Marc Anderson

26 appearances in RDG productions

Marc scored a great success as the de-frocked priest, the central role in Tennessee Williams' The Night of The Iguana in 2000. Previously he appeared in The Last Apache Reunion. He gave a strong, enlightening performance in the hugely demanding role of James in Peter Nichols' clever dissection of a modern marriage - Passion Play. In 2005 Marc was nominated for the Best Actor Award at Elmbridge Festival for his moving performance in States of Shock.

He made an enigmatically powerful Babbybobby in The Cripple of Inishmaan, a droll Eddie in the dark comedy The Lightning Play and an acidic Chief Whip in the political comedy Whipping It Up. In 2011 he captured the essence of Alan Bennett in his central performance in our sell-out production of Habeas Corpus ~ a role in great contrast to his gentle, sensitive role in Pinter's A Kind of Alaska - a performance which attracted two festival nominations for Best Actor. This remarkable production went on to win the National All-Winners Festival Marc began 2012 by giving a warm, engaging performance as the personal secretary in Making History. He ended the year by bringing out all the lyricism in the narrator's role in Sunday Morning at the Centre of the World. In 2013 he gave superb performance as a quintessential Woody Allen character in Riverside Drive which won both the Woking and Spelthorne Drama festivals and subsequently was selected for the All-Winners Festival in the Isle of Man. Further contrast came with Marc's strong performance as the gruff insensitive Major Ross in Our Country's Good. Variation came again with his very amusing performance as Henry in Travels With My Aunt,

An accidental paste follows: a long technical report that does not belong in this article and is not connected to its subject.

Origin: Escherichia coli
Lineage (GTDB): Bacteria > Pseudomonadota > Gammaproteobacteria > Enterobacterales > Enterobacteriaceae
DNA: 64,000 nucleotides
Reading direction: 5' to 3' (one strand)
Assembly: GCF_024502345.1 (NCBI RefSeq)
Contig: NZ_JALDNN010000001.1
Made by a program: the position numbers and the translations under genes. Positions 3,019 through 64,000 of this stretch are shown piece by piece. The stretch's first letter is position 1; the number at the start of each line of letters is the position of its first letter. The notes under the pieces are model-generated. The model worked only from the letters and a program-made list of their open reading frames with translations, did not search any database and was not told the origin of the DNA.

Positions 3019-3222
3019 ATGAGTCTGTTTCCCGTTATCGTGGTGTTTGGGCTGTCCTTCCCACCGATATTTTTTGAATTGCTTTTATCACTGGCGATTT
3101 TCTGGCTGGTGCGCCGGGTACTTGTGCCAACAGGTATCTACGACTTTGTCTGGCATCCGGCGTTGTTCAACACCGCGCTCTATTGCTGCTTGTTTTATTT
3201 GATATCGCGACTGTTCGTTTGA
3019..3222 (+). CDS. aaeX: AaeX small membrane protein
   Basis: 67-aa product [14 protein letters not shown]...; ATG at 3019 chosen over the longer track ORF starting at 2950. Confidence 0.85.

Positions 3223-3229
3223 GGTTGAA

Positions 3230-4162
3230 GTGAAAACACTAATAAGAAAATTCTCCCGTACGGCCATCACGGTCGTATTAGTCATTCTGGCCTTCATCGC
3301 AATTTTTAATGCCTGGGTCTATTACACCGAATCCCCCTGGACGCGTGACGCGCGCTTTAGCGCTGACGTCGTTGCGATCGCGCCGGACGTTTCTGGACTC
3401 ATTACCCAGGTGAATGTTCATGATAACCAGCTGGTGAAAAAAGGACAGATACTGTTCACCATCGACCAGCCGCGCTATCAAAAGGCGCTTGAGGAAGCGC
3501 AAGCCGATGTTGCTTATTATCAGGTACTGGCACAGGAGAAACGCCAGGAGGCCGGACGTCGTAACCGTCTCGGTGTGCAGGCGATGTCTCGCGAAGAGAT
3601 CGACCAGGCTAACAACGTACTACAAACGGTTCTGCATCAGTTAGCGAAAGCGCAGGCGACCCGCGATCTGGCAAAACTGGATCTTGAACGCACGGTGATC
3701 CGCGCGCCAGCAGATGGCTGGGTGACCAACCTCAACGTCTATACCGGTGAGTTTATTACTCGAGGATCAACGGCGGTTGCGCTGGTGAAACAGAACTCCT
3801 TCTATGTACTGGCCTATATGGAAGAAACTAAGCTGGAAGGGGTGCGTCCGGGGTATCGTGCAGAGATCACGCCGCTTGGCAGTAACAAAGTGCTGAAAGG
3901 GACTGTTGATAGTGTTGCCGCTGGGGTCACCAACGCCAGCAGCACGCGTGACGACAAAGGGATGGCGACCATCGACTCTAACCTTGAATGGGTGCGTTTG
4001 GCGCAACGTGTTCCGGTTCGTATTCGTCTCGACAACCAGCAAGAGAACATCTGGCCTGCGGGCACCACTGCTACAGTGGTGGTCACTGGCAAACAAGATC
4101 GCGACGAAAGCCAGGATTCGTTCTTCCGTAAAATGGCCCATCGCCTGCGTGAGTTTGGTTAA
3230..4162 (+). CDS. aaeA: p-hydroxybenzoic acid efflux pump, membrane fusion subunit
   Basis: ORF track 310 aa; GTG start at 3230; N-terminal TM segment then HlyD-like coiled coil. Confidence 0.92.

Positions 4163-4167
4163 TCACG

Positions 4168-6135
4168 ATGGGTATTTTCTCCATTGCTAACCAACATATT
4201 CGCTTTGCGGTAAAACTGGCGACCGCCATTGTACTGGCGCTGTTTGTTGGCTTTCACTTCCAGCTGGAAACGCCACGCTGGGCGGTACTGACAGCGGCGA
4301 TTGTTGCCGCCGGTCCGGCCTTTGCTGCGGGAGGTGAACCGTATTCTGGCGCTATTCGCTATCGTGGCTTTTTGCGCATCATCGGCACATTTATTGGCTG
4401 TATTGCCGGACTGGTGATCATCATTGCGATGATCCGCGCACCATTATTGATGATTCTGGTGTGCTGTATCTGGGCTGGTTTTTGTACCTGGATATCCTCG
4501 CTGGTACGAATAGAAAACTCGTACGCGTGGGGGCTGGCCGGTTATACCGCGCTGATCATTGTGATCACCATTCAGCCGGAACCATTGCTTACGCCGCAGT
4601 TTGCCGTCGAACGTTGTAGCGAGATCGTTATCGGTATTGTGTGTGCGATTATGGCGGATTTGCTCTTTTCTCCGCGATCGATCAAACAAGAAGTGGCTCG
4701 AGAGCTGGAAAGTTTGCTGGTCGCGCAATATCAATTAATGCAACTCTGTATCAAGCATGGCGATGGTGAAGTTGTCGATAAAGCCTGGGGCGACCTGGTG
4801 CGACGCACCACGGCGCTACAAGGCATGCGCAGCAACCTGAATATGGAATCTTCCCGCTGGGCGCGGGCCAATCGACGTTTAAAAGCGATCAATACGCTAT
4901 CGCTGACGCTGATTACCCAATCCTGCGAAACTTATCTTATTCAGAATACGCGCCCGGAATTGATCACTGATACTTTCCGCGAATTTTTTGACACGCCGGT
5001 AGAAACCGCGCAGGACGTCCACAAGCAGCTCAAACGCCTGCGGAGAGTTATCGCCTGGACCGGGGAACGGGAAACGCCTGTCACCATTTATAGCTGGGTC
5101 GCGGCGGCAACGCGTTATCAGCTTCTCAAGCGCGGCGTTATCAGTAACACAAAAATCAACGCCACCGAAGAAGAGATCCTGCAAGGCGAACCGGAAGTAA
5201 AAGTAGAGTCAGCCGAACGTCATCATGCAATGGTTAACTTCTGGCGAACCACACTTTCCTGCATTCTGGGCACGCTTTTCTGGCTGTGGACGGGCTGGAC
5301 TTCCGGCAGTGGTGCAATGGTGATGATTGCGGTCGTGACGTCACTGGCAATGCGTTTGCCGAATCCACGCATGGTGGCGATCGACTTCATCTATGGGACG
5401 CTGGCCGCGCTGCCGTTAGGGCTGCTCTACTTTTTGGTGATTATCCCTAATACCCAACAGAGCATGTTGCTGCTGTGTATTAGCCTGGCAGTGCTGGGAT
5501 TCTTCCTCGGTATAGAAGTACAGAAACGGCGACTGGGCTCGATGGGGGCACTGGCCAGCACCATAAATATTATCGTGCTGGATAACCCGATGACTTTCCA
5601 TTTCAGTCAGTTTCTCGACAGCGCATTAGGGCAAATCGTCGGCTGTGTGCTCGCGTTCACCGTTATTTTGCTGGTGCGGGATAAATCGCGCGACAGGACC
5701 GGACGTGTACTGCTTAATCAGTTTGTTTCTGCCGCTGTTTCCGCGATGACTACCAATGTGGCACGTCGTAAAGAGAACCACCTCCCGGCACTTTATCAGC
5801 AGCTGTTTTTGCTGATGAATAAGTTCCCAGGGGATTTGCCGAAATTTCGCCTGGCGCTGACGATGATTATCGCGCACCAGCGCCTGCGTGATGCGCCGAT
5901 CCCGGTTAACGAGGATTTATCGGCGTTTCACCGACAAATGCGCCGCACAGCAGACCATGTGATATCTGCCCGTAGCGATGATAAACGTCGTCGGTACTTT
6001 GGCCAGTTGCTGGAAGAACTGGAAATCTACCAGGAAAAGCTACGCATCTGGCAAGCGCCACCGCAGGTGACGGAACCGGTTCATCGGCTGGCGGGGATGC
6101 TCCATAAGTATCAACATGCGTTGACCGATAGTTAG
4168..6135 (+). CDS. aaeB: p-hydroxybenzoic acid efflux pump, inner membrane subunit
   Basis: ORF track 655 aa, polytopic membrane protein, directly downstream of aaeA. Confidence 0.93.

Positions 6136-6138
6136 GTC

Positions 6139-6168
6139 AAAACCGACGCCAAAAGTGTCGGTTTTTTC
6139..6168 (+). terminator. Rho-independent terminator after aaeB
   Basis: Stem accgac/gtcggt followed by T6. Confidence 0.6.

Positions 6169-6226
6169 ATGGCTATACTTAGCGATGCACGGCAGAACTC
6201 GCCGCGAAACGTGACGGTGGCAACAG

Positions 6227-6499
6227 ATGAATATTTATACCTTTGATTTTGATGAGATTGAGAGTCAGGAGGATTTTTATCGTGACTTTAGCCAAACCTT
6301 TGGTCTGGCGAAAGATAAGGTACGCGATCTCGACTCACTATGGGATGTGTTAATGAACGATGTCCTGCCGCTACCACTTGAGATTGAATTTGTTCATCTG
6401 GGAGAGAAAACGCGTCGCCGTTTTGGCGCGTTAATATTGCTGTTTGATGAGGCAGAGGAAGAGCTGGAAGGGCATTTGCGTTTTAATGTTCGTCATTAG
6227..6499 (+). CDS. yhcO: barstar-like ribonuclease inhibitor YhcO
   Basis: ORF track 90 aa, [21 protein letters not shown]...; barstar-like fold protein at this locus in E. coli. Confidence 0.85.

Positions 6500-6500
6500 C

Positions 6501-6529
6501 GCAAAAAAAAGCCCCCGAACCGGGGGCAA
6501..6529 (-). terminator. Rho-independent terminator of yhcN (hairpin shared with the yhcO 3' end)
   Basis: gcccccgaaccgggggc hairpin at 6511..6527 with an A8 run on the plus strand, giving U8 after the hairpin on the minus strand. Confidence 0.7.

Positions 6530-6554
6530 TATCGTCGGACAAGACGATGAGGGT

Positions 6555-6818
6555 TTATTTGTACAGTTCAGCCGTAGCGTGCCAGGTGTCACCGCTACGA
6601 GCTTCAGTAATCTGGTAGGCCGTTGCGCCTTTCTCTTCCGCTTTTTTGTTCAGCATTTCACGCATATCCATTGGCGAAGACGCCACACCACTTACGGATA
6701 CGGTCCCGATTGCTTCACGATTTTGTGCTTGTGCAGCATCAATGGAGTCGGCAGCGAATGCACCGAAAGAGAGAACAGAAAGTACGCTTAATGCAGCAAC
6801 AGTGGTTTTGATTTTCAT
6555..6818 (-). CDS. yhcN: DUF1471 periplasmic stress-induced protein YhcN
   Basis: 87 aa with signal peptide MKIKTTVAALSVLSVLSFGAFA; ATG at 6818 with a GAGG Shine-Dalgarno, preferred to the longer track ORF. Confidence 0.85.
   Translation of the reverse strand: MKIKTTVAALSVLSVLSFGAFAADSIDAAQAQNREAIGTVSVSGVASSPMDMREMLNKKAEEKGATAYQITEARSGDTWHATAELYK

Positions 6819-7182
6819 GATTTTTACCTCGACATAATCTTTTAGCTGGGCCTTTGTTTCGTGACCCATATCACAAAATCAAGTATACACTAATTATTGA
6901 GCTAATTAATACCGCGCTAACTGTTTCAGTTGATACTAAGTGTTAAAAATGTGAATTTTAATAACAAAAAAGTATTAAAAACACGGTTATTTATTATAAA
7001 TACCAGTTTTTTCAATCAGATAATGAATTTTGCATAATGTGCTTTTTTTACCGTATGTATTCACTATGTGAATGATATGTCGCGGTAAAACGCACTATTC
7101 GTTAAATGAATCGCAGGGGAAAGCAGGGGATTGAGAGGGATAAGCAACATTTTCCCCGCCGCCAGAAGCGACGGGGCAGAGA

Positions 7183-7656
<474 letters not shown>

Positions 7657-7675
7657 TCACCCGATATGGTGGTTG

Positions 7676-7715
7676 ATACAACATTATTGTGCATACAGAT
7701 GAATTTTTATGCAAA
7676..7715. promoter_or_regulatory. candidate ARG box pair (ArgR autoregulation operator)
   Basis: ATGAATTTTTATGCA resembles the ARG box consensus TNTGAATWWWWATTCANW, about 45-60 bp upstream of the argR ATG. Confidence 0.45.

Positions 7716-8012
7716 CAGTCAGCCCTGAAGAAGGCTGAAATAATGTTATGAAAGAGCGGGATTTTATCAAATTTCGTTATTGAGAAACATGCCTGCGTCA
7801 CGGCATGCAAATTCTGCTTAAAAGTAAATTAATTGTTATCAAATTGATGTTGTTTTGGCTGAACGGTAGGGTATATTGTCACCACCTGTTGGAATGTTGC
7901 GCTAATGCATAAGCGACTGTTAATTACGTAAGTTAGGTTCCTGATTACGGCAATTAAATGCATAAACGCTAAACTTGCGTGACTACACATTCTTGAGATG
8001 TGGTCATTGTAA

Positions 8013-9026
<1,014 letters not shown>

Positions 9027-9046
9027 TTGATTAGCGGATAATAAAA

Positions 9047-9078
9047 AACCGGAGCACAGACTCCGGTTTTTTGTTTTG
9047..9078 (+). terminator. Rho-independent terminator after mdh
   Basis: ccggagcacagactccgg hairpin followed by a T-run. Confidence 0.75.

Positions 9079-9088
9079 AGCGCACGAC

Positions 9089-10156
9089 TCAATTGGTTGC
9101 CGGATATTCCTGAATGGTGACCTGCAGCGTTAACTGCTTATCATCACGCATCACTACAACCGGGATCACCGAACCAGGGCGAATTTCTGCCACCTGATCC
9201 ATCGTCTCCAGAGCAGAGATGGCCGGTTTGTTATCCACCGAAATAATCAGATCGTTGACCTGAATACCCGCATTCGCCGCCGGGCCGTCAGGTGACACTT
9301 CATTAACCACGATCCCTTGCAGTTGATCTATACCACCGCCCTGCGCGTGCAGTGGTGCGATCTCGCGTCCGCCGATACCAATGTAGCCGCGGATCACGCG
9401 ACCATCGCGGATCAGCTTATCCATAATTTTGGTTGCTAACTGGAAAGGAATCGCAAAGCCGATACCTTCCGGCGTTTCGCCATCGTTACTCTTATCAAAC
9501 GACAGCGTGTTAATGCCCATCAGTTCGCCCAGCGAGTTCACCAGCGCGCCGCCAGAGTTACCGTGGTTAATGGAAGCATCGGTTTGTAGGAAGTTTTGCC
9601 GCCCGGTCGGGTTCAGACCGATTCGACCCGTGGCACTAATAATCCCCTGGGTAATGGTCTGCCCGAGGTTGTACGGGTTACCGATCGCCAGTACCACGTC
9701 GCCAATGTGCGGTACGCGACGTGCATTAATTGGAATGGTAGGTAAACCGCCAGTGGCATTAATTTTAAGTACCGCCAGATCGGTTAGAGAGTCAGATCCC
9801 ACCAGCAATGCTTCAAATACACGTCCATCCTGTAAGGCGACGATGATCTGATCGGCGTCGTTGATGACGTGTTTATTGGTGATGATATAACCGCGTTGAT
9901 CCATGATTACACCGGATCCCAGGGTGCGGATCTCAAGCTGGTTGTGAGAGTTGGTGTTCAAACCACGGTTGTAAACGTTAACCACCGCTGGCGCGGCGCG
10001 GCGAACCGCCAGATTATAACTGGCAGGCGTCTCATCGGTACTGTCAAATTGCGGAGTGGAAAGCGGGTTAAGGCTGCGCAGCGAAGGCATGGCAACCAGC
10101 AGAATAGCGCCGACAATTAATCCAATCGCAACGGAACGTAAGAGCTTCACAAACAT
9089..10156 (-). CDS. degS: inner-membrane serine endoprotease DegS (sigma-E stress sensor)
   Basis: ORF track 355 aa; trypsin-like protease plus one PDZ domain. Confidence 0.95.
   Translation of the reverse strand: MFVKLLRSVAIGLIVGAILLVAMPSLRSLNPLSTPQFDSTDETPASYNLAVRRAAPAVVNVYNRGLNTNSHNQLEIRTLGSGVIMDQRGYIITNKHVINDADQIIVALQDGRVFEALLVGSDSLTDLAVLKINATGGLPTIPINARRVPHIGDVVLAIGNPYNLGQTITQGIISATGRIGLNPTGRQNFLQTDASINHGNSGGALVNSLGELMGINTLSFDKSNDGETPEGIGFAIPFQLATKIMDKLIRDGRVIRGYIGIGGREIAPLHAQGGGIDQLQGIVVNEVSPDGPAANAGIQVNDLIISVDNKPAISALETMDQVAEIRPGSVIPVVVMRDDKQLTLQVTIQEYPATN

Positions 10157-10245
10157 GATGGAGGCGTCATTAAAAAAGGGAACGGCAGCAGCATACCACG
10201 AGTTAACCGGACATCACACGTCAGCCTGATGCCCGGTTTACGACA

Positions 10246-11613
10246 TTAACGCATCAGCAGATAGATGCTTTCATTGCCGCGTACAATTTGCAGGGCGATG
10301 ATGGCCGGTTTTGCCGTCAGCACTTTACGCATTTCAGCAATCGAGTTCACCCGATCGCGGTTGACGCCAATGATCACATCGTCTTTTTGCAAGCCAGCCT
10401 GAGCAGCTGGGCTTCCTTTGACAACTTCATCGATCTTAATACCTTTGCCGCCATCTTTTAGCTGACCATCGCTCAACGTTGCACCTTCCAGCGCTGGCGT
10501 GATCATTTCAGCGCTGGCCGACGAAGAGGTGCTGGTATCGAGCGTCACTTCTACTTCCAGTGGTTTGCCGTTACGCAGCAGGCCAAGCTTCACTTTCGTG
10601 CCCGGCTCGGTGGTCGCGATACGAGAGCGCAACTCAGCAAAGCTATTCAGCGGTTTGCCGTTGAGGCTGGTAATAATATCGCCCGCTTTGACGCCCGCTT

Over the years Marc has received several nominations for Best Actor Award at drama festivals so the whole group was delighted when his versatile acting skills were finally acknowledged when he won the Best Actor Award for his remarkable performance as a dissolute defrocked priest in Joe Orton's black comedy Funeral Games at the 2015 Woking Drama Festival. He followed this by playing the title role - the kindly, emotionally detached teacher in Quartermain's Terms. Marc completed a busy and eventful year - which included his happy wedding to fellow RDG member Nicky Cutcliffe - by playing the conniving Lockit in our lively presentation of The Beggar's Opera. In 2017 Marc donned a wayward priest's persona in our powerful production of the Passion of Jerome. In 2018 Marc's amusing appearance as the unctuous Lord Arlington in Nell Gwynn marked his twentieth RDG appearance. In complete contrast the following year he have a hauntingly poetic performance as the enigmatic 'gardener' in Humble Boy. In 2021 made a delicious conniving two-faced clergyman/highwayman in our period comedy The Beaux Stragem while the following year he made an endearingly vague Waffles in our classic presentation of Uncle Vanya. In 2023 he assumed to the role of blind Captain Cat perceiving the various goings-on in our lively production of Under Milk Wood. One of his most memorable performances was in the title role in The Father where with devastating effect he played an ageing dementia sufferer.